Little Stars treats

VetsKitchen makes a great product for dogs called little stars. We found their treats to be great for training little puppies to perform the basic commands. They are totally natural and hypoallergenic and this is clearly displayed on the packaging.

Poppy is very fussy so she’ll only eat the chicken flavour but they do come in multiple flavours. Whatever brand you’re buying keep an eye out for product labels and look for natural, low fat, preservative free.

Lhasa Apso puppy with a bag of treats


With autumn on the way, there will soon be pumpkins popping up all over the place. Although they’re great for carving scary faces, did you know these bright orange vegetables are actually a perfectly healthy alternative to a classic dog treat?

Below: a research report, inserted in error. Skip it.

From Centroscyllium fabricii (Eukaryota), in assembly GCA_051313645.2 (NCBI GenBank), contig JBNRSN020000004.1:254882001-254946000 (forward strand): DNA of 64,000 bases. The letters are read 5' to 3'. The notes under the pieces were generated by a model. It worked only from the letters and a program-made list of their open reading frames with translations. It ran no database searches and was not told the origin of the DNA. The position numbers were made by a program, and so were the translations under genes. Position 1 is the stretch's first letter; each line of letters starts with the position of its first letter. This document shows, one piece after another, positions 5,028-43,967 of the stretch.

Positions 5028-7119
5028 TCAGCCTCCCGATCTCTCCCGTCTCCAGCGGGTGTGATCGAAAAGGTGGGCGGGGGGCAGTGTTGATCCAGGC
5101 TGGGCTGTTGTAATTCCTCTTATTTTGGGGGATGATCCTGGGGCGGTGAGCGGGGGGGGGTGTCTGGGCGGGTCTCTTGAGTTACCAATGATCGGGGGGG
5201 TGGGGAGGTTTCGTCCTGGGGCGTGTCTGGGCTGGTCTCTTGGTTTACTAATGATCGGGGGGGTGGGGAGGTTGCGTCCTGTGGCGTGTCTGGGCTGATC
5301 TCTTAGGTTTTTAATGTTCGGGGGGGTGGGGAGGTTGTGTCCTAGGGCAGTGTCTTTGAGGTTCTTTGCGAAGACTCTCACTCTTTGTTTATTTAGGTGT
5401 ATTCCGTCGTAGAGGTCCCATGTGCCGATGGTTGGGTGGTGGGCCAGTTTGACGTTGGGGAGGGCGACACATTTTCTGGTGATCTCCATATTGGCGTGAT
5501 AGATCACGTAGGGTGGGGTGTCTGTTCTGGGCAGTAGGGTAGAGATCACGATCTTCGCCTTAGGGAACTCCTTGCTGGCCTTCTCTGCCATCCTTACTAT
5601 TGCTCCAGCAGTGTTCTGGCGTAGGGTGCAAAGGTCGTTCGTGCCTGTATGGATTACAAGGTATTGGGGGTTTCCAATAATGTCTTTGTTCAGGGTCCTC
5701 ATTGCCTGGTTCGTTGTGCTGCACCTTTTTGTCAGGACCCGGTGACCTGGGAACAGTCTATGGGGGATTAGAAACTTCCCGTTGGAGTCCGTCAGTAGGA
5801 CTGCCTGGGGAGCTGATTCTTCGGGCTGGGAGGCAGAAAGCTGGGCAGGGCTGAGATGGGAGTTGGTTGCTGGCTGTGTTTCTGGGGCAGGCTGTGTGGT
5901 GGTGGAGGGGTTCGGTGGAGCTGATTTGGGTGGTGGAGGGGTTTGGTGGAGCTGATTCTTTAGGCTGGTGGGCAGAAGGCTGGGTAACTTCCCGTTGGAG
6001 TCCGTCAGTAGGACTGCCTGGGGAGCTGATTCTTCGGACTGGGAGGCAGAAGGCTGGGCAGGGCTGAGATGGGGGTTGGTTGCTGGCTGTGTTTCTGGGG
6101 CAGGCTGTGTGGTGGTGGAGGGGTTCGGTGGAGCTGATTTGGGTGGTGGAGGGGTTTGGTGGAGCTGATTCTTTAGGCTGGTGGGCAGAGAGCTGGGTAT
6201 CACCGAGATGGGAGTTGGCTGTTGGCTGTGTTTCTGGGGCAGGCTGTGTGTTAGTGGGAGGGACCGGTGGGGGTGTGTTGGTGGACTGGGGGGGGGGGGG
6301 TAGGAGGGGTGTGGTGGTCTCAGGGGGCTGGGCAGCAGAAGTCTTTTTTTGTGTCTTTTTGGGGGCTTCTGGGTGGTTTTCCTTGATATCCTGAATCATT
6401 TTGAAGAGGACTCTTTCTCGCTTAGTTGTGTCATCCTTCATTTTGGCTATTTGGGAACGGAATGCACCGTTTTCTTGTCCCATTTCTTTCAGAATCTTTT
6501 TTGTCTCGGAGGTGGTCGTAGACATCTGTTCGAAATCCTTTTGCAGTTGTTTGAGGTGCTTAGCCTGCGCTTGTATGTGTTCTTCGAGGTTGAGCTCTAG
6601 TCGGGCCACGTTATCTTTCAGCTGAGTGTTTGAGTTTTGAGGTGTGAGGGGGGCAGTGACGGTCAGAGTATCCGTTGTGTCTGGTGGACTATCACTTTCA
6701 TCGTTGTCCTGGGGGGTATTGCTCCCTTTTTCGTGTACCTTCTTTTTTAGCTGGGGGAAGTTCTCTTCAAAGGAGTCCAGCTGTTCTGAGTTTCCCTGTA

They are a great source of fibre and can help with regularity of the digestive system. A little scoop mixed with regular food can really help with sensitive stomachs and get your dog right back on track after an episode of diarrhoea. Pumpkins are also a very tasty low fat low calorie option to keep those weight issues at bay!

Lhasa Apso with autumn leaves


Since 1932 bonio is a brand that has been loved by dogs all over the UK. According to the manufacturer, there are over 1 million bonios eaten every single day. The oven baked biscuits are low in fat and contain totally natural ingredients. The texture of the biscuit also helps do away with plaque and tartar buildup, improving the dental hygiene of your dog.

These are by far Poppy’s favourite biscuit. She doesn’t eat them straight away though. She’ll often run off and hide it somewhere so she can enjoy it later. That’s one to bear in mind when giving your dogs these types of treats.

You can buy multiple quantities of bonio from VioVet*, the biggest online UK pet retailer. Check the feeding instructions and make sure you’re only giving the proper recommended quantity, so keep an eye out for any cheeky dogs that try to stash treats away!Puppy eating a bonio biscuit


  • Hi,
    Can I give carrot to a 48 days old Lhasa Apso pup?
    Should I give it boiled or raw?